Sunday, January 3, 2010

Sunday morning toons: Special "Goodbye to 2009 and all that" edition

Seriously: Iran is bubbling over. After a year, no one knows where the health care reform process is going--except that the best we can hope for is that it won't get much worse. And the decade ended with America going to Def Con 5 because a guy tried to blow up an airliner by setting fire to his underwear. Can you really miss 2000-2009 that much?

Only one way to find out: Let's start with Daryl Cagle’s toon round-up for this week (and this decade).

p3 Picks of the Week: Mike Luckovich, Adam Zyglis, John Cole, Joe Heller, Jeff Stahler, Steve Breen, Rob Rogers, and Monte Wolverton.

That Was The Decade That Was: Pat Bagley, R. J. Matson, Jeff Parker, John Trever, David Fitzsimmons, and Milt Priggee.

p3 Legion of Extreme Honor, with Fruit Clusters: Daryl Cagle.

p3 World Toon Review: Stephane Peray (Thailand), Dario Castellejos (Mexico), Pavel Constantin (Romania), and Frederick Deligne (France).

Ann Telnaes brings us her year in review.

Mark Fiore wonders: Will 2010 be the one we're waiting for?

When political nerds argue about the decade's best film adaptations of comic books: Things can get ugly.

David Levine, the caricature artist whose work graced the pages of The New York Review of Books since 1963, died last week at age 83. I’m not sure which is more difficult to get my head around: That his one-of-a-kind voice gone, and that there are politicians, philosophers, and pop culture icons that will never know his stinging caress? Or that he was only at it for 44 years? Although he stepped down from TNYRB in 2007, his images seem inseparable from the world of books and ideas. When I imagine God giving the Ten Commandments to Moses, I imagine Levine to one side, capturing them both in an unforgiving drawing--both summed up by their hair, their eyes, and their noses.

TNYRB has a gallery of Levine’s images. And the NYTimes obituary (which also includes a Levine slide show) is surprisingly decent, given that TNYRB was born during a printers’ strike when the Times’ own Sunday book review section disappeared:

Mr. Levine’s drawings never seemed whimsical, like those of Al Hirschfeld. They didn’t celebrate neurotic self-consciousness, like Jules Feiffer’s. He wasn’t attracted to the macabre, the way Edward Gorey was. His work didn’t possess the arch social consciousness of Edward Sorel’s. Nor was he interested, as Roz Chast is, in the humorous absurdity of quotidian modern life. But in both style and mood, Mr. Levine was as distinct an artist and commentator as any of his well-known contemporaries. His work was not only witty but serious, not only biting but deeply informed, and artful in a painterly sense as well as a literate one; he was, in fact, beyond his pen and ink drawings, an accomplished painter. Those qualities led many to suggest that he was the heir of the 19th-century masters of the illustration, Honoré Daumier and Thomas Nast.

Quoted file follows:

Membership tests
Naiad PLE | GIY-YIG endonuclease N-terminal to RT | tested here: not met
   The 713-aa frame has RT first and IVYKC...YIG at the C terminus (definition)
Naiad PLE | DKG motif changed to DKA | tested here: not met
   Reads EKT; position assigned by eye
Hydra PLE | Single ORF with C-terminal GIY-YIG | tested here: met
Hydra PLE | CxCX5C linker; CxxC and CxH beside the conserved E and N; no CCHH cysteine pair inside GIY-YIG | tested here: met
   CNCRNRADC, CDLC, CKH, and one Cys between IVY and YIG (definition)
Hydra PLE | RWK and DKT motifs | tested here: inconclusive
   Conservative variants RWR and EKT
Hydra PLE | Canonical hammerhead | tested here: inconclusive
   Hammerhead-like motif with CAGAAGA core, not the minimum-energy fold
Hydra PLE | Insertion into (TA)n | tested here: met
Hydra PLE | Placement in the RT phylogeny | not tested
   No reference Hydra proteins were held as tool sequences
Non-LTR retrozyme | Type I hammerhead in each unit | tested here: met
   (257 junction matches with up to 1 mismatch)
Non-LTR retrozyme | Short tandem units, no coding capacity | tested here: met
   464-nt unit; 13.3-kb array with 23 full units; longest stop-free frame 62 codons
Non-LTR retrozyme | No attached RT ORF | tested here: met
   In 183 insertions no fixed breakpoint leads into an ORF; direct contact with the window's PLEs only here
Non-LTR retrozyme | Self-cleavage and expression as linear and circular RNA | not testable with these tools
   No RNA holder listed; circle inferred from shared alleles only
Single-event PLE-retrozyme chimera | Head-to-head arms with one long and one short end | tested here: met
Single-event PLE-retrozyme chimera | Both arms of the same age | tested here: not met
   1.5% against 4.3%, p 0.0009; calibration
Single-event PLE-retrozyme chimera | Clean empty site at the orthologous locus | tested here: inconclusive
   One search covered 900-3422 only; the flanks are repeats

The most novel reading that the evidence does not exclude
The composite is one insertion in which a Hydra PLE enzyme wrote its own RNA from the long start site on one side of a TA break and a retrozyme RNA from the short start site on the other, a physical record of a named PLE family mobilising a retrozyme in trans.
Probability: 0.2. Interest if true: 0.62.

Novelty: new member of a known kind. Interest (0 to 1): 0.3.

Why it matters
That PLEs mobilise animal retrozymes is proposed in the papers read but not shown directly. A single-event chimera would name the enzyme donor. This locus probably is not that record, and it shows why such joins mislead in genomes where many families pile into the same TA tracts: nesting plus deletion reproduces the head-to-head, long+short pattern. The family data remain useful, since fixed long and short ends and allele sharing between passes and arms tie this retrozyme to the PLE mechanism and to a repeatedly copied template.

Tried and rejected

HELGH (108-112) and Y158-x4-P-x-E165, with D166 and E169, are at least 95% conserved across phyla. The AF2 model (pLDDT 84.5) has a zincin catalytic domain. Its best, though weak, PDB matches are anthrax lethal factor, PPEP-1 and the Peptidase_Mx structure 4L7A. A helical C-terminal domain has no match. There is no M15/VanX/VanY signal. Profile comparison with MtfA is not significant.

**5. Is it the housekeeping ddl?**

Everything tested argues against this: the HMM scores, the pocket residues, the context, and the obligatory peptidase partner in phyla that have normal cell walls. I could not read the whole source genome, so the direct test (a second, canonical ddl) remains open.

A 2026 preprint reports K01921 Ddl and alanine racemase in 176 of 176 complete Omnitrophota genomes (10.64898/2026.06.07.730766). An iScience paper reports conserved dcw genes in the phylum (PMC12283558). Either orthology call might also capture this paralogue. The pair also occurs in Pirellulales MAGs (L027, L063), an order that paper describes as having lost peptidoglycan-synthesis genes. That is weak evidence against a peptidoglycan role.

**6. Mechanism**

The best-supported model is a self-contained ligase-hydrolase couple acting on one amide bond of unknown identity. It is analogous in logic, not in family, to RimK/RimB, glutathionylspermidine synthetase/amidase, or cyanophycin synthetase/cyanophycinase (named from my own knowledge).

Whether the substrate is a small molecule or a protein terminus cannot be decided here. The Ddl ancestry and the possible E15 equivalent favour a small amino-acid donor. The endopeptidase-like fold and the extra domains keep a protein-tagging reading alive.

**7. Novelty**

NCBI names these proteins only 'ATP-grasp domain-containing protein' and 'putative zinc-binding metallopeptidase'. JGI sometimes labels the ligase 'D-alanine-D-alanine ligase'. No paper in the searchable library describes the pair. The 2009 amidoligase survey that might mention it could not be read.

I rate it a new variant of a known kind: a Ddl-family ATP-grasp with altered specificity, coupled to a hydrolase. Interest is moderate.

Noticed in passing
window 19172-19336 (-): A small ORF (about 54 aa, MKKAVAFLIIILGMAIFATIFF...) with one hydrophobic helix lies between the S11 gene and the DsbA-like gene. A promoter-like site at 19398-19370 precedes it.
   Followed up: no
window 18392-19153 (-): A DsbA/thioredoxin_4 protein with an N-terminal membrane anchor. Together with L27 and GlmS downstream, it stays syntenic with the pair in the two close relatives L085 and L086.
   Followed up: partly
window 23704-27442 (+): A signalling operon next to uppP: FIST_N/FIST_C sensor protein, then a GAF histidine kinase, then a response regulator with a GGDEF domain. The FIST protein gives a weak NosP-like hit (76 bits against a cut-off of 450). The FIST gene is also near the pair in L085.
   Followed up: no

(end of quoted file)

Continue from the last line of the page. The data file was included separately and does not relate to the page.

Especially in his political work, his portraits betrayed the mind of an artist concerned, worriedly concerned, about the world in which he lived. Among his most famous images were those of President Lyndon B. Johnson pulling up his shirt to reveal that the scar from his gallbladder operation was in the precise shape of the boundaries of Vietnam, and of Henry Kissinger having sex on the couch with a female body whose head was in the shape of a globe, depicting, Mr. Levine explained later, what Mr. Kissinger had done to the world. He drew Richard M. Nixon, his favorite subject, 66 times, depicting him as the Godfather, as Captain Queeg, as a fetus.

Whether you’re already familiar with Levine’s drawings or not, you owe it to yourself to follow the links.

No sense of humor: The Danish cartoonist accused of blasphemy for political toons showing the likeness of Mohammed was attacked at his home last week.

Tom Tomorrow presents "2009: the Year in Crazy" Part 1, and Part 2. The only problem: He ran out of room before he ran out of crazy.

Do not miss: Portland homeboy Jack Ohman's end-of-year series on poverty in Portland: Part 1, Part 2, Part 3, Part 4, and Part 5.

Don't get poisonal! By 1938, one-time jazz girl/flapper Betty Boop had paid her dues to the production codes of the day, becoming less of a sexpot and more of a typical woiking goil. Here she is, a pre-Starbucks coffee-shop worker having a tough go-round with the job market, in "On With the New:"

No p3 Bonus Toon this week. Jesse Springer is still on holiday.

But remember to bookmark Slate’s political cartoon for the day.

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